Last lesson - once your novel is released, the real work begins. Be prepared to spend countless hours on promotion. There will be no time to write and you will miss that. You will be sick of talking about yourself and your novel - promotion and marketing sucks! But it is a necessary evil. Publishers won't do this for you. It is entirely up to you to sell your book. The lesson here - don't be shy. Do what you have to do to get your name out there and to build a platform. You're going to need it for the next book.

Well, that's it for now. I hope my words of wisdom have helped and not discouraged. I'd love to hear from other published authors. Please leave a comment and let me know if your experiences in publishing are similar to mine.

16 comments:

  1. I've been published by indies (my first novel) and biggies (Doubleday Canada, Dundurn). The bigger the publisher, the more they seem to have to spend on promotion. They will also not only get you into bookstores, they will get you into libraries, and for books at all levels (children's, YA, adult), that is not a market to be overlooked. You get cred with librarians, and that can help you get noticed.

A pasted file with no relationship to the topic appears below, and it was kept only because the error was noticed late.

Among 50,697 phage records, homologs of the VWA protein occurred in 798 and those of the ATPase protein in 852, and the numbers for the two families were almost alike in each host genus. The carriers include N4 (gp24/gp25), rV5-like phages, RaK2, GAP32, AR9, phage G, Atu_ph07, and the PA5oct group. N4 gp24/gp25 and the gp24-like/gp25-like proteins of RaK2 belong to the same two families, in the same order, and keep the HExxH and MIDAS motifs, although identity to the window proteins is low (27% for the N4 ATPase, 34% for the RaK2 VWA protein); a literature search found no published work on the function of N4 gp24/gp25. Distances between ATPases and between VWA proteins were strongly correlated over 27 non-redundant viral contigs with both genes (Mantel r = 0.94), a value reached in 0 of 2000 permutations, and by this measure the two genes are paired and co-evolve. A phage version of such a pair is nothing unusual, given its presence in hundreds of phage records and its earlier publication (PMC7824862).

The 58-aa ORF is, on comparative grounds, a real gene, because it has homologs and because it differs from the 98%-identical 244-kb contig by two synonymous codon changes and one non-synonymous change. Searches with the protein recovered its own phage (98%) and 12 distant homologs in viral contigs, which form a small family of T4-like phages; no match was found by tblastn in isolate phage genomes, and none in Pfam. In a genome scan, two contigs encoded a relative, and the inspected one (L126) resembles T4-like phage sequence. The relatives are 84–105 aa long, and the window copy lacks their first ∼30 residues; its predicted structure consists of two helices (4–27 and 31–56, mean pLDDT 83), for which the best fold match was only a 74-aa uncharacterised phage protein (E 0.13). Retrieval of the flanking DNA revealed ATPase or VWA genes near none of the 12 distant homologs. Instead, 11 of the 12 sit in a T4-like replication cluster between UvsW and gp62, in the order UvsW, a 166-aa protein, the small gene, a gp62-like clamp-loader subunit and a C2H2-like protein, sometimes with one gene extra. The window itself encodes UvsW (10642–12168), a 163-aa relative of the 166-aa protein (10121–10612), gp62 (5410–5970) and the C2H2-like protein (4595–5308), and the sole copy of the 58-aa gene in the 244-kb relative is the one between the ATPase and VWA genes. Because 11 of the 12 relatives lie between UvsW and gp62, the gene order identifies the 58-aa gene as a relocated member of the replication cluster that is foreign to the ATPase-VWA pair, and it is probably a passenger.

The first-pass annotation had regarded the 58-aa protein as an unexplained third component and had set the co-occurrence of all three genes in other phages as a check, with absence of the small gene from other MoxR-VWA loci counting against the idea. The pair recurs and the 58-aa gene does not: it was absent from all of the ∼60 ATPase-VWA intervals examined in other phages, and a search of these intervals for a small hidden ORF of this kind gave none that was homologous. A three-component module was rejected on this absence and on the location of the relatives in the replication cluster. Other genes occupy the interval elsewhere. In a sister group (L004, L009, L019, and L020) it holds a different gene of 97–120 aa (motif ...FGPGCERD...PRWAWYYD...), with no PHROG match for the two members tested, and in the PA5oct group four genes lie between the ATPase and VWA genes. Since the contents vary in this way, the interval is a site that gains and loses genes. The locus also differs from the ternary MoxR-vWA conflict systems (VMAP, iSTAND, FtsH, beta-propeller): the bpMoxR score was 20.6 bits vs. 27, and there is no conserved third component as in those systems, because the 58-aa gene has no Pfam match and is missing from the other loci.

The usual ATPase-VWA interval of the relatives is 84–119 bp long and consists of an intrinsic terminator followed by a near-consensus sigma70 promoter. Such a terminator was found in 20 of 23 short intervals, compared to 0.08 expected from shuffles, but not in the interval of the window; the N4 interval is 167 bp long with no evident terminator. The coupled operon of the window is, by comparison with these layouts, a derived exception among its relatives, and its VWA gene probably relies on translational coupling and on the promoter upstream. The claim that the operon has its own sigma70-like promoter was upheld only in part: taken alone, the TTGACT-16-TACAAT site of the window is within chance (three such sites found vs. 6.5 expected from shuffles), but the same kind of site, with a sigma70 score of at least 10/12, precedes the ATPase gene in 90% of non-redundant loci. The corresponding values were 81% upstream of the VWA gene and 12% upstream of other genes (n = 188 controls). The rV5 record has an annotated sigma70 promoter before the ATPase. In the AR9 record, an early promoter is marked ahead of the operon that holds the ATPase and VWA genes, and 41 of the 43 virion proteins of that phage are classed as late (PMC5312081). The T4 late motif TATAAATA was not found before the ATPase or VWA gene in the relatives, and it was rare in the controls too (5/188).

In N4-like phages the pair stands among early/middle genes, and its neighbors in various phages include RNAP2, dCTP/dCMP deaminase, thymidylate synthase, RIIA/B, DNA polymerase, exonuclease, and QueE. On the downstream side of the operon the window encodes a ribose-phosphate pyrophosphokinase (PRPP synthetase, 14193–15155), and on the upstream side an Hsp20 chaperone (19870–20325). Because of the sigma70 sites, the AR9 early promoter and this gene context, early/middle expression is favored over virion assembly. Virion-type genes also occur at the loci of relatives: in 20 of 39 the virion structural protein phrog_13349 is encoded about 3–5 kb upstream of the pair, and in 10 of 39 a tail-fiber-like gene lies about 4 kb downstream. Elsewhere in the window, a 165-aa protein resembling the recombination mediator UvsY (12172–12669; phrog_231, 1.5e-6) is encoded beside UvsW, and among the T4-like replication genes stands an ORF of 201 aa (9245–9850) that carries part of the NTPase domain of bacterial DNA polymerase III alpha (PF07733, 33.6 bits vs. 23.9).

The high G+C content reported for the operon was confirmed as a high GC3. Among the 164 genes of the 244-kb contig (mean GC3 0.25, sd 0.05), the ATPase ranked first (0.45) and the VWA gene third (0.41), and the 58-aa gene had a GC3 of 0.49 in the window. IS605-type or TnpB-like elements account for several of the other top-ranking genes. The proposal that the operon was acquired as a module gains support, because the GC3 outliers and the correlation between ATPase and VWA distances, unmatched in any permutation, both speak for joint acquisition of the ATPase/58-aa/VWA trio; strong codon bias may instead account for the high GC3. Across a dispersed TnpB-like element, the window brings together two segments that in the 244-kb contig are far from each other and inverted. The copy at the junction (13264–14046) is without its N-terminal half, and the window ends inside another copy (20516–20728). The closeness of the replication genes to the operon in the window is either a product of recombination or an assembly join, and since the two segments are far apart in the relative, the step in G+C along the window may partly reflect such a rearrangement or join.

Still, be prepared to do most of your own promo, especially these days when publishers are scrambling. Expect to seek out book bloggers yourself, and opportunities for giveaways such as Goodreads and Library Thing. Your publisher may provide the winning copies (mine did for Library Thing) but you will sometimes have to supply your own.
    What I would have loved for my latest, The Girl in the Box, was big ads in the major newspapers, here and in the States.
    Dream on!

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  2. Thank you for your valuable input, Sheila. I appreciate it very much :)

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  3. Jeanne, I found myself nodding in agreement with your points. It's a whole different reality when you're published to the dreams before being published.